As the multi-site church trend continues to grow, leaders are faced with the challenge of sustainability. Excitement for expanding the reach of the church to impact lives rallies support not only through generous giving but also through an increase in volunteering. But launching a satellite church is the easy part. This fast growth, church plants, and multiple locations and entities require new solutions to pastors' challenges.
Once the reality of maintaining the day to day operations of different geographically located churches sets in, leaders are faced with added responsibilities and financial requirements. Effective multi-site churches create a replica of the original campus in both vision and mission. So creating an extended mission environment in another location doesn't require any new thinking regarding the “how” to execute. The area that begins to feel the pain and increased demands from a multi-site environment is the finance or business office.
The Back Office Shouldn't Be Back of Mind
Back office efficiency isn’t at the forefront of the leadership’s minds until it becomes a problem. When leadership has a lack of visibility into the financial health of the entire church, poor decisions are made. Without clearly defined internal controls and approval workflows, spending can quickly spin out of control. The finance team tries to do more with less. More transactions, more reconciliations, and more reporting requirements have to be processed without an increase in available man hours.
Ministry is a Moving Target
Ministry is a moving target and, in the best of times, needs extra attention to manage cash flows and forecasts. As a church grows and expands its reach, either through satellite church efforts or outreach ministry initiatives, the need to have a finger on the financial pulse increases. The risk factor rises when real time visibility into financials is unavailable. Without good, timely data, leaders are forced to make decisions blindly. Going out on faith is generally a good thing in church, but running church finances on a “wing and a prayer” is never ideal.
Without good financial benchmarks and budget controls, cash can easily decrease while mission critical needs are increasing. The result is an escalating weekly cash burn rate that forces leadership to cut costs. Typically the first things to get cut are staff and then programs. Neither solution is beneficial to the growth of the church.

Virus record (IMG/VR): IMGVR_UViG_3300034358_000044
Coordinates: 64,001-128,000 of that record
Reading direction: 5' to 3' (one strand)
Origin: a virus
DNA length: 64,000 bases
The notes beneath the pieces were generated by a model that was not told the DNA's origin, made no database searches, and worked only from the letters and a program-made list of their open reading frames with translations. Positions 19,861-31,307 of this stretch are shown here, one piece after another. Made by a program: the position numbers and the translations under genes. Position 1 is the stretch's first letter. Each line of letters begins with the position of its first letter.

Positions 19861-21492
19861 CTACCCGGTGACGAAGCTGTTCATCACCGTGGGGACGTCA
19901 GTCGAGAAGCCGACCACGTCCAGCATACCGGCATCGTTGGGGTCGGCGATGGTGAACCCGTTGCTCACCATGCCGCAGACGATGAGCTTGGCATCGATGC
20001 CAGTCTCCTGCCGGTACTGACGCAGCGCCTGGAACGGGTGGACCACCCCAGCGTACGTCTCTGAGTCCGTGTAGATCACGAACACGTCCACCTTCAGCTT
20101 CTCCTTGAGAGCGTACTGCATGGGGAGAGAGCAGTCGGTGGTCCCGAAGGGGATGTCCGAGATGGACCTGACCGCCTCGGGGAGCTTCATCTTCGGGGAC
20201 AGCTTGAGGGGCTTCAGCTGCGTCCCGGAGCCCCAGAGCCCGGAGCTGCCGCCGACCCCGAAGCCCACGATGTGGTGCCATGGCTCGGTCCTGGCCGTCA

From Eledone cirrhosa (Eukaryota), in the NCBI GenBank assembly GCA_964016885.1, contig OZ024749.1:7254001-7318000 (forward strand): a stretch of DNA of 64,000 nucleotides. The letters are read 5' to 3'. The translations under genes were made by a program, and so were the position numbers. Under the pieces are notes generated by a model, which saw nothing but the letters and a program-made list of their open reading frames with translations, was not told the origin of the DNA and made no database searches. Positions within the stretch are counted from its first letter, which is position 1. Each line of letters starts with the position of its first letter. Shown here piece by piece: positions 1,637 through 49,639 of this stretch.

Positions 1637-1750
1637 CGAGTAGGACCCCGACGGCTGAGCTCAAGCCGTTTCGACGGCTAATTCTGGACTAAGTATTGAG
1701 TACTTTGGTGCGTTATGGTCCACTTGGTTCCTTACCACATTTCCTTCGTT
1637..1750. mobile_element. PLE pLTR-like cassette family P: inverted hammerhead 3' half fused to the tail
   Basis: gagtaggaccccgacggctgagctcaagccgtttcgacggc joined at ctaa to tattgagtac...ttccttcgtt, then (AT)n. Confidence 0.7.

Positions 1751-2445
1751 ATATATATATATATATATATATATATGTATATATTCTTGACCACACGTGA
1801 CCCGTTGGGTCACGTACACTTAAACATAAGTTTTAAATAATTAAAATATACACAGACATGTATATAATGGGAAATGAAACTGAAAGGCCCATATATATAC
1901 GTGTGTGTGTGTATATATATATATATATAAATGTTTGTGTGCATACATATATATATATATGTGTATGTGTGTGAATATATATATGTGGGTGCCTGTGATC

Cutting Programs for a Church is Like Cutting an Artery
Even during the worst of times, churches are resilient. Those that dedicate their lives to serving the church sharpen their pencils and work more hours to get the job done. As we all know, this is not sustainable and sometimes weathering the storm turns into closing up shop. A satellite location with great potential is not given a fair chance due to poor planning and management. Cutting programs for a church is like cutting an artery. The church is all about reaching lost souls and changing lives. Programs are the platforms where teaching, serving, and growing happens. Life itself happens in church.
Financial stability may not be the heart-beat of the church but it should be considered the church's roots, feeding nutrients to the tree of life. It is critical that we protect the financial operations of the church. That doesn’t mean load it up with staff and systems. Actually it is quite the opposite. Creativity is vibrant in a growing church and applies to the business side as well. Doing things the way they have always been done will get you the same results. If a church starts expanding its walls, then the finance department must make renovations as well. Think smarter. Figure out how to streamline current processes by making them efficient and eliminating the need to hire more staff. With the right tools and well planned workflows, you will spend less time on the transactional side of finance, and more time on analyzing and forecasting.
It is a great privilege for those in finance to serve the church with the gifts God has given them. Challenge the current processes. Create workflows and efficiencies that allow you to expand your reach in finance and provide up to date information for decision makers. We know that a good finance office doesn’t bring people to church, but with the right tools and efficient processes the mission of the church is never at risk.